US tells G-7 that it is back at the table to help with global recovery

 US tells G-7 that it is back at the table to help with global recovery

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WASHINGTON/LONDON (REUTERS) – US President Joe Biden’s administration told allies on Friday (Feb 12) it was re-engaging with them to help steer the global economy out of its worst slump since the Great Depression, a contrast with the go-it-alone approach of Mr Donald Trump.

US Treasury Secretary Janet Yellen told her peers from the Group of Seven (G-7) rich democracies that Washington was committed to multilateralism and “places a high priority on deepening our international engagement and strengthening our alliances.”

Ms Yellen spoke to the G-7 in a virtual video meeting, chaired by Britain, at which she called for continued fiscal support to secure the recovery, saying “the time to go big is now.”

Britain said officials discussed giving help to workers and businesses hit by the pandemic while ensuring sustainability of public finances “in the long term.”

As well as the United States and Britain, the G-7 includes Japan, France, Germany, Italy and Canada.

Italian Economy Minister Roberto Gualtieri said the group had committed to continuing coordinated action to support the economy. “The withdrawal of policy support is premature,” he wrote on Twitter.

Mr Biden has proposed a further US$1.9 trillion (S$2.52 trillion) in spending and tax cuts on top of more than US$4 trillion of coronavirus relief measures enacted by his predecessor Mr Trump.

British finance minister Rishi Sunak is expected to say next month that he will extend his economic rescue programmes and that reining in public finances will have to be addressed later.

Britain said G-7 officials also agreed that making progress on reaching “an international solution to the tax challenges of the digital economy” was a key priority.

Countries have been trying to revive attempts at a global approach to taxing giant digital firms – many of them American, such as Amazon and Alphabet’s Google – after progress was blocked by Trump’s administration.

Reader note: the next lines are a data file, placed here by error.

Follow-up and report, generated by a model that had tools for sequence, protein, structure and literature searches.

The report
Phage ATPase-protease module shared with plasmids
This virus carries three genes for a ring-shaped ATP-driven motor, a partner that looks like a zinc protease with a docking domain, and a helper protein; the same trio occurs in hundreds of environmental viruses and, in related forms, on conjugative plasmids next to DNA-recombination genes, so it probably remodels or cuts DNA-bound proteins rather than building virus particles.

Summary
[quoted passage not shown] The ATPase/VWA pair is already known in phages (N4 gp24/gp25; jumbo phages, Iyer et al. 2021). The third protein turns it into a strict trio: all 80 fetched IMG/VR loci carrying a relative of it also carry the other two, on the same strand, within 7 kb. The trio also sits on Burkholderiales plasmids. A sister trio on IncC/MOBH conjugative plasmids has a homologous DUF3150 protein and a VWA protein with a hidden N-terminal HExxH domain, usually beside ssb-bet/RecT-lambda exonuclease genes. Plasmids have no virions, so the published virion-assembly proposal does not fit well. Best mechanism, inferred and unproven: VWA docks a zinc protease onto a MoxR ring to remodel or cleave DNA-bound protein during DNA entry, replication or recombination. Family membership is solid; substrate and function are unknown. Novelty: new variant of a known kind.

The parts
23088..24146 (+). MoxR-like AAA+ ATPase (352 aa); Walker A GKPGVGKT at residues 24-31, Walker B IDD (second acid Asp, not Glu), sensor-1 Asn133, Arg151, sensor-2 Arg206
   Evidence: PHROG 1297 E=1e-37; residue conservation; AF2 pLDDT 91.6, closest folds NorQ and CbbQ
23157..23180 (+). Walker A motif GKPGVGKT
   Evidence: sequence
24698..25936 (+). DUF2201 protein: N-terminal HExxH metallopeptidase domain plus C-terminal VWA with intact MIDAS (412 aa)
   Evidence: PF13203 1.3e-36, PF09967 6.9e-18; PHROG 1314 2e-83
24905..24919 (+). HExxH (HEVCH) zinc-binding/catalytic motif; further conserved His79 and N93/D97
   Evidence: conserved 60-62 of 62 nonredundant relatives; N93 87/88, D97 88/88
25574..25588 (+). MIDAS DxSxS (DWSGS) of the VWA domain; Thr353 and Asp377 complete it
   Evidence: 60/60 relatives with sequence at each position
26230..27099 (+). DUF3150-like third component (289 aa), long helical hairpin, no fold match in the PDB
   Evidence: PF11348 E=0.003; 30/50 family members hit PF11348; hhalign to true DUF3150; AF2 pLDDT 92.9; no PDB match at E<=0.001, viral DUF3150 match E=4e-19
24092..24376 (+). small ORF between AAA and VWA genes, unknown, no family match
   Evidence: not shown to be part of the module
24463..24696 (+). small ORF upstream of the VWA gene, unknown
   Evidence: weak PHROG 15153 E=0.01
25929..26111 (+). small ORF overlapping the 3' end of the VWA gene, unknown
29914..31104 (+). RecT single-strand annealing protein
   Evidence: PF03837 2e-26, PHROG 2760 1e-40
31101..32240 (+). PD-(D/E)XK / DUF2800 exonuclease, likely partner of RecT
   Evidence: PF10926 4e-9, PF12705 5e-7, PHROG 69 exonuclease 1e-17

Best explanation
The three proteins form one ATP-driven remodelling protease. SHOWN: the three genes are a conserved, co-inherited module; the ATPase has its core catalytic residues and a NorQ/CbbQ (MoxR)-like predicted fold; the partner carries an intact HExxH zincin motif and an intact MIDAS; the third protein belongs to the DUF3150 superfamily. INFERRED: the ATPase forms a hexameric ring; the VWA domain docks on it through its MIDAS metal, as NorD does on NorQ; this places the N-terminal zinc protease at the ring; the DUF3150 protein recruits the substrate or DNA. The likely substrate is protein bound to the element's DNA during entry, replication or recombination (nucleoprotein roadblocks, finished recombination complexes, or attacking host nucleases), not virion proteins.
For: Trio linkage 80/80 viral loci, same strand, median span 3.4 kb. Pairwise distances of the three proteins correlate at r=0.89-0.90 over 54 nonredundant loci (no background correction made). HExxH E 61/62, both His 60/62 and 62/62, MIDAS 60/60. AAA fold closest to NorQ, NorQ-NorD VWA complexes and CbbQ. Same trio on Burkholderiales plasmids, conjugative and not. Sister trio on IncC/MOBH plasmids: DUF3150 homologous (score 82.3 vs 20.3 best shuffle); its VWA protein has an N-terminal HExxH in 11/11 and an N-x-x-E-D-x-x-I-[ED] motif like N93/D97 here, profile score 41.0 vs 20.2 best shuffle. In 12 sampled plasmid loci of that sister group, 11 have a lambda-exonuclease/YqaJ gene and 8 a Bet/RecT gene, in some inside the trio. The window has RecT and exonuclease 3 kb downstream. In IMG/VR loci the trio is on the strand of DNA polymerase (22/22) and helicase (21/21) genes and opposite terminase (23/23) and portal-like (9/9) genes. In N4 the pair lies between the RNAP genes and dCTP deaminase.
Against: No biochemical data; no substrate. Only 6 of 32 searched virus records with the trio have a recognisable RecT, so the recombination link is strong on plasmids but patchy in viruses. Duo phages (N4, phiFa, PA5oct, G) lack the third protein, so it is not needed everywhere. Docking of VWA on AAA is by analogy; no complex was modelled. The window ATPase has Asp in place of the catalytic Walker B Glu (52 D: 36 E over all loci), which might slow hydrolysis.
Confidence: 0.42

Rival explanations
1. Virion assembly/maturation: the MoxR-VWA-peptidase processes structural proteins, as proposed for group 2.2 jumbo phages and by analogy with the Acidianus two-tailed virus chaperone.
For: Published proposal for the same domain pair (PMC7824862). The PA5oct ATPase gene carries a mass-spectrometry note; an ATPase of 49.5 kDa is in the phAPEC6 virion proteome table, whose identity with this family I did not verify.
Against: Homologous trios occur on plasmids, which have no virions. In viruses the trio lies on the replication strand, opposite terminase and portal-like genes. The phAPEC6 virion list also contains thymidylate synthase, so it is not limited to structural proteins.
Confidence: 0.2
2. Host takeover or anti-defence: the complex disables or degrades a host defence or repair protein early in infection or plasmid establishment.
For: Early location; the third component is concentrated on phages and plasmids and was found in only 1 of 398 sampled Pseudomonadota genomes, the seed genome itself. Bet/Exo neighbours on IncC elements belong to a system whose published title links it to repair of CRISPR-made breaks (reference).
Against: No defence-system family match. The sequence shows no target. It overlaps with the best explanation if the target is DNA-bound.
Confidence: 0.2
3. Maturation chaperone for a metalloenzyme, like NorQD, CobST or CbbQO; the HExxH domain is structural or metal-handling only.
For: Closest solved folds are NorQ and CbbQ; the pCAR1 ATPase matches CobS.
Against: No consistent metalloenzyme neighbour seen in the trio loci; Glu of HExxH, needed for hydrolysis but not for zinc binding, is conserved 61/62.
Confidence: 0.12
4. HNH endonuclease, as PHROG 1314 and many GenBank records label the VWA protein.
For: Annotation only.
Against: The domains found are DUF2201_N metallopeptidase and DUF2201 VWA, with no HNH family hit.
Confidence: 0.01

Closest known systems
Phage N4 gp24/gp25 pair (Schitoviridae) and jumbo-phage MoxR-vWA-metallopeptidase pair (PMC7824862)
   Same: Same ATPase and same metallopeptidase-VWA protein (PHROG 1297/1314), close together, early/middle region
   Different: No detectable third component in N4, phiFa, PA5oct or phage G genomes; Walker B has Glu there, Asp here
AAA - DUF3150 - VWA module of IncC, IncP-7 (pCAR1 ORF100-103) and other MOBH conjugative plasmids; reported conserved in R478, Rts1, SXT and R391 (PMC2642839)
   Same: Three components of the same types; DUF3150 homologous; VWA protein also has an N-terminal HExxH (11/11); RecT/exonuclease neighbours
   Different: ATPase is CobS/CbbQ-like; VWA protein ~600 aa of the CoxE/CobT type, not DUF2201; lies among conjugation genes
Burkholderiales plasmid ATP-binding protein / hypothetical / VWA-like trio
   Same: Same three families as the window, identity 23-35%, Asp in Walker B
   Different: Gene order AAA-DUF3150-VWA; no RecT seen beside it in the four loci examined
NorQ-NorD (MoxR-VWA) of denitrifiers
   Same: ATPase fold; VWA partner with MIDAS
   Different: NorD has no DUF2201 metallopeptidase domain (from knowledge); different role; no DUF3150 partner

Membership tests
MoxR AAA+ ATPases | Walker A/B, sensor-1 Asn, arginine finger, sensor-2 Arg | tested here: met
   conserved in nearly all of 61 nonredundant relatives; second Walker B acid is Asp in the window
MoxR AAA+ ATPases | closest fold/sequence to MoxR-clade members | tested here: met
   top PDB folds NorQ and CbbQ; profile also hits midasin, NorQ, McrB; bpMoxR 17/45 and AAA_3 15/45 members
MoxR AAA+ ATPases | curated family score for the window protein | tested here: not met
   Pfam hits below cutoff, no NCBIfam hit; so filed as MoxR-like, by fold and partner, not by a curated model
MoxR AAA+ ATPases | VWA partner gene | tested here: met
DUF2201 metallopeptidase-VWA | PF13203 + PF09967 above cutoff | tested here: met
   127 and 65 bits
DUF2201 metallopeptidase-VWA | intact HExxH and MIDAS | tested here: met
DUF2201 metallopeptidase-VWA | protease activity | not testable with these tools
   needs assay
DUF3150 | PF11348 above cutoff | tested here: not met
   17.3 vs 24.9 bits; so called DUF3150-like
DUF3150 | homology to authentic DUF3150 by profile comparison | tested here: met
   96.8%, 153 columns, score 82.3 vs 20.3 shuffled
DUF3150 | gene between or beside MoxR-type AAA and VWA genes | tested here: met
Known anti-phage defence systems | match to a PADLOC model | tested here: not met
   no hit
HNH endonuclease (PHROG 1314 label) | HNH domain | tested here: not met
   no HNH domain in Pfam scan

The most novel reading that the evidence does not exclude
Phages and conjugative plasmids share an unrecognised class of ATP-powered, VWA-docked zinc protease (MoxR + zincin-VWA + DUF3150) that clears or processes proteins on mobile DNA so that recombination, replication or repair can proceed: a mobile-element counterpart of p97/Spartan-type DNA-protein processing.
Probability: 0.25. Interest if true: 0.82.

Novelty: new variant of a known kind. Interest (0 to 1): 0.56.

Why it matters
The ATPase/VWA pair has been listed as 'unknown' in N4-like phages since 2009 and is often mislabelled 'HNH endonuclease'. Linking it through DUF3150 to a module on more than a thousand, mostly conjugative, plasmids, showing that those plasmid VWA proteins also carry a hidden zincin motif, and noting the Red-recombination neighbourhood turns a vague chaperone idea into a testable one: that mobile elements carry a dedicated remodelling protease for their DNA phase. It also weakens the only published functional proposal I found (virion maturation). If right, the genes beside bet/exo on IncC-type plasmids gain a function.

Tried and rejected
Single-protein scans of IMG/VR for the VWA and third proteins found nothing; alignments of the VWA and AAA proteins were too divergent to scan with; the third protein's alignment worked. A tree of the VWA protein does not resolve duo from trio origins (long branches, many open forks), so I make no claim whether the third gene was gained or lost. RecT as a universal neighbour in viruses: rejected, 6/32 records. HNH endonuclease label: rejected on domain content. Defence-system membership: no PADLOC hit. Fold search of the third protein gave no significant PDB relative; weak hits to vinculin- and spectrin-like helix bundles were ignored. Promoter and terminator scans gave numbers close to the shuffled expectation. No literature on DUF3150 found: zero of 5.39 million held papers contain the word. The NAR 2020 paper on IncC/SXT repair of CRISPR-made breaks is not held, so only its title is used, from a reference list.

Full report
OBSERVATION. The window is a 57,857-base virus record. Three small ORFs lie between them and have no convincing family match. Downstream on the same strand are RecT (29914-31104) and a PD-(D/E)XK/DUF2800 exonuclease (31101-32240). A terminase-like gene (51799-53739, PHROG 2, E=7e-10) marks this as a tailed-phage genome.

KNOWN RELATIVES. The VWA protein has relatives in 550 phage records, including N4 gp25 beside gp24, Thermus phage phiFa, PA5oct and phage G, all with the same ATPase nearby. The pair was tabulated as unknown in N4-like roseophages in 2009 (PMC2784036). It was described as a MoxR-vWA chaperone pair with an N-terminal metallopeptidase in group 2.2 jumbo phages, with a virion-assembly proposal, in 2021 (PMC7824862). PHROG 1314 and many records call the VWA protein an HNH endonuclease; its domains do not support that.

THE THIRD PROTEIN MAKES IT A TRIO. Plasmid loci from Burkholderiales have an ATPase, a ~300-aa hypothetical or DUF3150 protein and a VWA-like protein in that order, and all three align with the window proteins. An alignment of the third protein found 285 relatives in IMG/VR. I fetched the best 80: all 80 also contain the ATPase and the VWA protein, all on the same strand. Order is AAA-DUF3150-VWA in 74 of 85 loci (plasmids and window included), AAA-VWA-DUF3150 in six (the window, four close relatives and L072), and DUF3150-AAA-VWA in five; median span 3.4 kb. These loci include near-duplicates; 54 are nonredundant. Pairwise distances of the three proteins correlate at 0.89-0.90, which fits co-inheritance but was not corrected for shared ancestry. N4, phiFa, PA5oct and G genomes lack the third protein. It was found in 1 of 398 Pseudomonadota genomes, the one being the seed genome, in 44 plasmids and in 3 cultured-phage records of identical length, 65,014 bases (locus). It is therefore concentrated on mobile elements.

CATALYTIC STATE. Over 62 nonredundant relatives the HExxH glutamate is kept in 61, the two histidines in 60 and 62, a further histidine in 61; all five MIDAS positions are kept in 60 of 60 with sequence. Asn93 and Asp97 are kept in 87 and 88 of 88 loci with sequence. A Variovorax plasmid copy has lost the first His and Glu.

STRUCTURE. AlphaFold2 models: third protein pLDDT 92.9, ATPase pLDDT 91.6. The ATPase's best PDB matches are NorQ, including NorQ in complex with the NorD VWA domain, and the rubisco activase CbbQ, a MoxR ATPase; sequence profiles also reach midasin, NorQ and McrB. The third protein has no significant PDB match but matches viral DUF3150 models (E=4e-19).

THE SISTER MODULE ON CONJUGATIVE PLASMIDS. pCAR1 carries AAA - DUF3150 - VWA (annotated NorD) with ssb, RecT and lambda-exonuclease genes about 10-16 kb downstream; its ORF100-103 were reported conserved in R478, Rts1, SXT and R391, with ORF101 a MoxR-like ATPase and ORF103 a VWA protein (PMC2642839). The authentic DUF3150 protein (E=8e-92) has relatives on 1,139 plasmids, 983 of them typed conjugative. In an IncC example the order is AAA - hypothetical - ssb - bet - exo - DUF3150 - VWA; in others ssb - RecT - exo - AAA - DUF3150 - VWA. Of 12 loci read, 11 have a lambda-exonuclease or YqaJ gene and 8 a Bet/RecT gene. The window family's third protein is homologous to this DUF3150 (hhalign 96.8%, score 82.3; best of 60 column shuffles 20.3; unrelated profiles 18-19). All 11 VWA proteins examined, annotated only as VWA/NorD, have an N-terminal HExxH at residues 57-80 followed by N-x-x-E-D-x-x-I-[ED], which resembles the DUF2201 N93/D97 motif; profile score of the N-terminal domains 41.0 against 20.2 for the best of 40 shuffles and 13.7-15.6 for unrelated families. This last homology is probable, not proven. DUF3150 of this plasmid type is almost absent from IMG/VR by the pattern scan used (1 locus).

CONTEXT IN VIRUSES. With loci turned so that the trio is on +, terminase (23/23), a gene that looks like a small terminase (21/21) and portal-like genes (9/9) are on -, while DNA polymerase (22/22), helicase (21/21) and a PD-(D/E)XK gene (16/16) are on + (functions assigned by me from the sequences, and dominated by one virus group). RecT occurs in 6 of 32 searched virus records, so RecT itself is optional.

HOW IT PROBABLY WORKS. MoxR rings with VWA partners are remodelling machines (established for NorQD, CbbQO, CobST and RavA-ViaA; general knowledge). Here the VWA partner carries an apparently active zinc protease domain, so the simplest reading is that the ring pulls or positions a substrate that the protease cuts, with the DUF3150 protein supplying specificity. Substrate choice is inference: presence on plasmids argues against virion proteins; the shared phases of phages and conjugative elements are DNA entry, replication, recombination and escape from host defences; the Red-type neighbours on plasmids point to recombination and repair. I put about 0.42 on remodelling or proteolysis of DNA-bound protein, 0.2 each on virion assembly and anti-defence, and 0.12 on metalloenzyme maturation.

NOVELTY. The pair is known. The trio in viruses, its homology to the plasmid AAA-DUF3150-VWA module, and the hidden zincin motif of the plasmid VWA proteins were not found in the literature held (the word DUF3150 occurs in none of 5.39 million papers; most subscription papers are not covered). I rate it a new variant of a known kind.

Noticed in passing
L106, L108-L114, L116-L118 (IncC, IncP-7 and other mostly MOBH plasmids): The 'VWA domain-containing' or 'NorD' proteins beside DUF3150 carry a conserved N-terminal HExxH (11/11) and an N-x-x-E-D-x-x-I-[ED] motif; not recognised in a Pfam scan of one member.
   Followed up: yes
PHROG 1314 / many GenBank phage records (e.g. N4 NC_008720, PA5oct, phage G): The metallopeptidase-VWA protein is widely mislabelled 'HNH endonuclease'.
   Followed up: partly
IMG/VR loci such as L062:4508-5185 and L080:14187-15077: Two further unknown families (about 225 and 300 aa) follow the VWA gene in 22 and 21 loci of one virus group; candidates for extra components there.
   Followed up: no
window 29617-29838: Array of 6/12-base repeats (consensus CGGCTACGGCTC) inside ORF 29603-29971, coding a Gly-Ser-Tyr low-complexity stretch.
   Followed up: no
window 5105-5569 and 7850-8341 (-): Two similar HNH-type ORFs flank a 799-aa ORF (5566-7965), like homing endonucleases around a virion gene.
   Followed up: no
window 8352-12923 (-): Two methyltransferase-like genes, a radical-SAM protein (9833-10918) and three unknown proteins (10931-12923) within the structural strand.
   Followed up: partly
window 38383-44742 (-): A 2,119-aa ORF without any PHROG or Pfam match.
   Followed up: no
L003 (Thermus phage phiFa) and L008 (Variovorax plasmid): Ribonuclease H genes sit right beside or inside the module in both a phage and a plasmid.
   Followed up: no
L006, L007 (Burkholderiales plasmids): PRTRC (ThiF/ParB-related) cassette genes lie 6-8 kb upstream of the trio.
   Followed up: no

Britain called on G-7 countries to agree a joint approach to taxing Internet giants by mid-2021, a deadline agreed by the wider Group of 20 nations.

New IMF resources

Some G-7 countries are keen to back a new issuance of the International Monetary Fund’s own currency, known as special drawing rights (SDRs), to help low-income countries hit by the coronavirus crisis, a step last taken in 2009.

Officials from the United States, the IMF’s biggest shareholder, had signalled they were open to a new issuance of US$500 billion, sources said on Thursday – another Mr Biden shift away from Mr Trump administration opposition.

A G-7 source, who asked not to be named, said the United States told other countries it needed a few weeks to finalize the SDR increase.

The move is politically tricky for Ms Yellen because it would provide new resources to all IMF members, including rich countries, China, and US adversaries such as Iran and Venezuela, drawing Republican opposition.

“Over the last year, the G-7 has not even spoken about special drawing rights, so considering that was part of this agenda, it certainly is progress,” said Mr Eric LeCompte, executive director of Jubilee USA Network, a charity group that focuses on reducing poverty. “In terms of getting to a strong global stimulus, SDRs have to be a part of the equation.”

IMF Managing Director Kristalina Georgieva did not mention SDRs in a tweet about the meeting, but said that G-7 members were in “full alignment” on vaccines, fiscal stimulus, climate and”comprehensive support for vulnerable countries.”

Mr Sunak called on private creditors to give debt help to the poorest countries and said climate change and nature preservation would be priorities for Britain’s G-7 presidency.

Britain is due to host the first in-person summit of G-7 leaders in nearly two years in June.

Ms Yellen said the G-7 should expect to see the US Treasury’s engagement on climate change to “change dramatically relative to the last four years.”

The Treasury declined comment on a Wall Street Journal report that Ms Yellen is considering Ms Sarah Bloom Raskin, a former deputy Treasury secretary, for a new high-level climate “czar”position at the department.

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